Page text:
Primary Children’s Hospital in Salt Lake City continues to see a higher number of kids needing treatment for COVID-19 compared to last year over two months after school resumed, a hospital leader said Friday. (Kristin Murphy, Deseret News)
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SALT LAKE CITY — Primary Children’s Hospital continues to see a higher number of kids needing treatment for COVID-19 compared to last year, more than two months after school resumed, a hospital leader said Friday.
“When people tell you that kids don’t get very sick, you should walk in our shoes every day,” said Dr. Andrew Pavia, chief of the division of pediatric infectious diseases at University of Utah Health and director of hospital epidemiology at Primary, during a Friday news conference.
On Friday, state health officials confirmed 1,810 new COVID-19 cases and 18 more deaths. The rolling, seven-day average for positive tests is 1,571 per day, and the positive rate of those tested is 17.1%.
Kids comprise about 20% of Utah’s new coronavirus cases, Primary officials noted, and about half of those cases are between the ages of 5 and 10.
The children who end up in the hospital with COVID-19 are “luckily … the tip of the iceberg,” Pavia acknowledged, as most develop only mild symptoms. But getting infected means potentially missing many days of school and, for an estimated 5% to 8% of all cases in children, developing long-COVID symptoms that can last months later, according to Pavia.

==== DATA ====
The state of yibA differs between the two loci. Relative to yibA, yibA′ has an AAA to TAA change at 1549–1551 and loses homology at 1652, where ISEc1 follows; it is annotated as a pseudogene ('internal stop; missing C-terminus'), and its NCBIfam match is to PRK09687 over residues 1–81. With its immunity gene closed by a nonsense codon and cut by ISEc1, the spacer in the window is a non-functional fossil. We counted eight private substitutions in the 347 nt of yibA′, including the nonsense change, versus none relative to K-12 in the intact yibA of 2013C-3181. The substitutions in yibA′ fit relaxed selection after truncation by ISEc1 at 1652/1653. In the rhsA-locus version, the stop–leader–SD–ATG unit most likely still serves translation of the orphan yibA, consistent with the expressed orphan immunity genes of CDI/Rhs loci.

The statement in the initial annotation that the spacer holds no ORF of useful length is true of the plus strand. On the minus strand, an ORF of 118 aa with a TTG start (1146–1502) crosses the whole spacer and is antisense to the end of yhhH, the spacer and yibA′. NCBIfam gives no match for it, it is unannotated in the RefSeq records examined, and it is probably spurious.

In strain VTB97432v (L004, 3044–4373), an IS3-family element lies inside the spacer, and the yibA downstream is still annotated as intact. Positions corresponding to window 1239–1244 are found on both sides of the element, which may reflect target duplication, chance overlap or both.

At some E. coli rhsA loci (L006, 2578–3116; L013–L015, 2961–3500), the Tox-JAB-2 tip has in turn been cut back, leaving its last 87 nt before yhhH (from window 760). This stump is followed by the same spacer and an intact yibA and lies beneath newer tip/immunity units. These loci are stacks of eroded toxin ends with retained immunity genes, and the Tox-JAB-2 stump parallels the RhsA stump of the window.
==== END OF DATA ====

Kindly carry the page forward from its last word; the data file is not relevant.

Primary Children’s Hospital is seeing an average of eight to 12 children each day due to COVID-19, which Pavia said is an increase over September “and much more than we had last year.” Three to five of those children on average are in the intensive care unit.
When asked how many of those patients are from Utah, as the hospital treats kids throughout the Intermountain West, Pavia estimates three-quarters of them are state residents, on average.
Along with the increase in youth cases, Pavia said the hospital is also seeing more cases of multisystem inflammatory syndrome in children, also known as MIS-C.
Doctors at Primary Children’s Hospital, which is investigating the disease, have described MIS-C as a rare complication of COVID-19 infection that’s believed to be the result of an “extreme immune response” to SARS-CoV-2. It mostly affects school-age children, but has also been reported in infants and young adults. Symptoms include fever, abdominal pain, diarrhea, red eyes, rash and fatigue.
It can result in severe illness to multiple organ systems, such as the heart, lungs, blood, kidneys or brain. Children who develop MIS-C are often hospitalized and require intensive care due to low blood pressure, shock or heart issues.
Pavia noted that MIS-C typically begins about 30 days after an original COVID-19 infection, and can affect kids who had only a mild infection. He said the hospital has now seen 120 children with the complication, and continues to observe an increase in the weeks following the start of the school year.
The best way to prevent MIS-C is to prevent getting the infection in the first place, even a mild infection, the pediatric infectious disease specialist said, celebrating the approval of a “powerful new tool” for kids ages 5-11 in the vaccine’s impending approval for that age group.